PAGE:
28 Boolean Expressions  Boolean expressions are composed of the boolean operators applied to elements that are boolean variables or relational expressions.  Relational expressions are of the form El reI E2, where El and E2 are arithmetic expressions.  consider boolean expressions generated by the following grammar: B → B ǁ B | B && B | !B | (B) | E reI E | true | false  We use the attribute reI.op to indicate which of the six comparison operators, or >= is represented by reI. 28

29 Boolean Expressions..  Given the expression B 1 ǁ B 2 if we determine that B 1 is true, then we can conclude that the entire expression is true without having to evaluate B 2  Given B 1 && B 2 if B 1 is false, then the entire expression is false.  The semantic definition of the programming language determines whether all parts of a boolean expression must be evaluated.  If the language definition permits portions of a boolean expression to go unevaluated, then the compiler can optimize the evaluation of boolean expressions by computing only enough of an expression to determine its value. 29

30 Short Circuit Code  In short-circuit (or jumping) code, the boolean operators &&, ǁ and ! translate into jumps.  The operators themselves do not appear in the code, instead, the value of a boolean expression is represented by a position in the code sequence. 30

31 Flow of Control Statement  The translation of boolean expressions into three-address code in the context of statements such as those generated by the following grammar. S → if ( B ) S 1 S → if ( B ) S 1 else S 2 S → while ( B ) S 1  In these productions, nonterminal B represents a boolean expression and nonterminal S represents a statement. 31

32 Flow of Control Statement.. 32

33 Flow of Control Statement.. 33

34 of COURSE

35 What we can build Using Intermediate Code Generation

36 Intermediate Representation  We can combine the pieces learned in Intermediate code generation section to build a simple compiler front end.  The front end can be built incrementally:  Pick an intermediate representation An intermediate representation is typically a combination of a graphical notation and three-address code. As in syntax trees, a node in a graphical notation represents a construct, the children of a node represent its sub constructs. Three address code takes its name from instructions of the form x = y op Z with at most one operator per instruction. There are additional instructions for control flow. 36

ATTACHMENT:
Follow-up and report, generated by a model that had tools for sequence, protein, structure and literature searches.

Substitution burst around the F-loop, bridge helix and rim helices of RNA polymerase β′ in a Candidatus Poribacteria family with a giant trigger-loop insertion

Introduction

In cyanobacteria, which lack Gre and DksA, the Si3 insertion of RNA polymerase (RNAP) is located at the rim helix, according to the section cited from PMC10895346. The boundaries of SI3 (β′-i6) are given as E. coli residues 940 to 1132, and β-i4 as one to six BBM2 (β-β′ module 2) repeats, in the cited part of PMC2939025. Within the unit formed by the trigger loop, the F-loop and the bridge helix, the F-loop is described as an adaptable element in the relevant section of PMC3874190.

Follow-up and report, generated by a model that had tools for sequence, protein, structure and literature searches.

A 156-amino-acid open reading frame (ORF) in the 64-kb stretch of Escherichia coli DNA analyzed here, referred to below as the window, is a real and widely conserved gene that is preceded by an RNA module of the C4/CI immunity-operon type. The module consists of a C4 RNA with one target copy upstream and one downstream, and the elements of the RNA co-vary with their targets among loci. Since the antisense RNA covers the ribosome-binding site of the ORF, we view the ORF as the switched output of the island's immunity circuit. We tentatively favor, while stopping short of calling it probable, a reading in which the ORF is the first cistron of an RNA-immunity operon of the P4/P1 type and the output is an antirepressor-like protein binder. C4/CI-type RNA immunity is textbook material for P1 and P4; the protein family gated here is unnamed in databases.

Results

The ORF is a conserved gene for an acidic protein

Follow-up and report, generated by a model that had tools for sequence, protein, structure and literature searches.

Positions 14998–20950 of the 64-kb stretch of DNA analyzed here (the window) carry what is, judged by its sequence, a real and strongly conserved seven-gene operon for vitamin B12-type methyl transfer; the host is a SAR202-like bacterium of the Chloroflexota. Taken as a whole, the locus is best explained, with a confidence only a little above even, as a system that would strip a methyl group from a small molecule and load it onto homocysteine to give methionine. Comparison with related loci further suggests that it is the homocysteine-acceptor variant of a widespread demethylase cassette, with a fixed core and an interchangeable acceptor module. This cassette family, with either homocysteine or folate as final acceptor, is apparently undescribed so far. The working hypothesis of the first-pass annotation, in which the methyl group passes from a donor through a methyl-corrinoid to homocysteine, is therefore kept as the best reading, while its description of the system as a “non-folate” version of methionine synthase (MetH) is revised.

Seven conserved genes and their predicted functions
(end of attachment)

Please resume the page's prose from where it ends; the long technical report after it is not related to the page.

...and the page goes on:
37 Translate Expressions  Translate expressions  Expressions with built-up operations can be unwound into a sequence of individual operations by attaching actions to each production of the form E → E 1 op E 2  The action either creates a node for E with the nodes for E 1 and E 2 as children or  It generates a three-address instruction that applies op to the addresses for E 1 and E 2 and puts the result into a new temporary name, which becomes the address for E. 37

38 Check Types  Check types  The type of an expression E 1 op E 2 is determined by the operator op and the types of E 1 and E 2  A coercion is an implicit type conversion, such as from integer to float.  Intermediate code contains explicit type conversions to ensure an exact match between operand types and the types expected by an operator. 38

39 Declarations  Use a symbol table to implement declarations  A declaration specifies the type of a name.  The width of a type is the amount of storage needed for a name with that type.  Using widths, the relative address of a name at run time can be computed as an offset from the start of a data area.  The type and relative address of a name are put into the symbol table due to a declaration, so the translator can subsequently get them when the name appears in an expression. 39

40 Flatten Arrays  Flatten arrays  For quick access, array elements are stored in consecutive locations.  Arrays of arrays are flattened so they can be treated as a one dimensional array of individual elements.  The type of an array is used to calculate the address of an array element relative to the base of the array.  Generate jumping code for boolean expressions  In short-circuit or jumping code, the value of a boolean expression is implicit in the position reached in the code. 40

41 Boolean Values & Jumping Code  Jumping code is useful because a boolean expression B is typically used for control flow, as in if (B) S.  Boolean values can be computed by jumping to t = true or t = false, as appropriate, where t is a temporary name.  Using labels for jumps a boolean expression can be translated by inheriting labels corresponding to its true and false exits.  The constants true and false translate into a jump to the true and false exits, respectively. 41

42 Control Flow  Implement statements using control flow  Statements can be translated by inheriting a label next, where next marks the first instruction after the code for this statement.  The conditional S → if (B) S 1 can be translated by attaching a new label marking the beginning of the code for S 1 and passing the new label and for the true and false exits, respectively, of B. 42

43 Implement Records  Implement records  Field names in a record or class can be treated as a sequence of declarations.  A record type encodes the types and relative addresses of the fields.  A symbol table object can be used for this purpose. 43

44 Thank You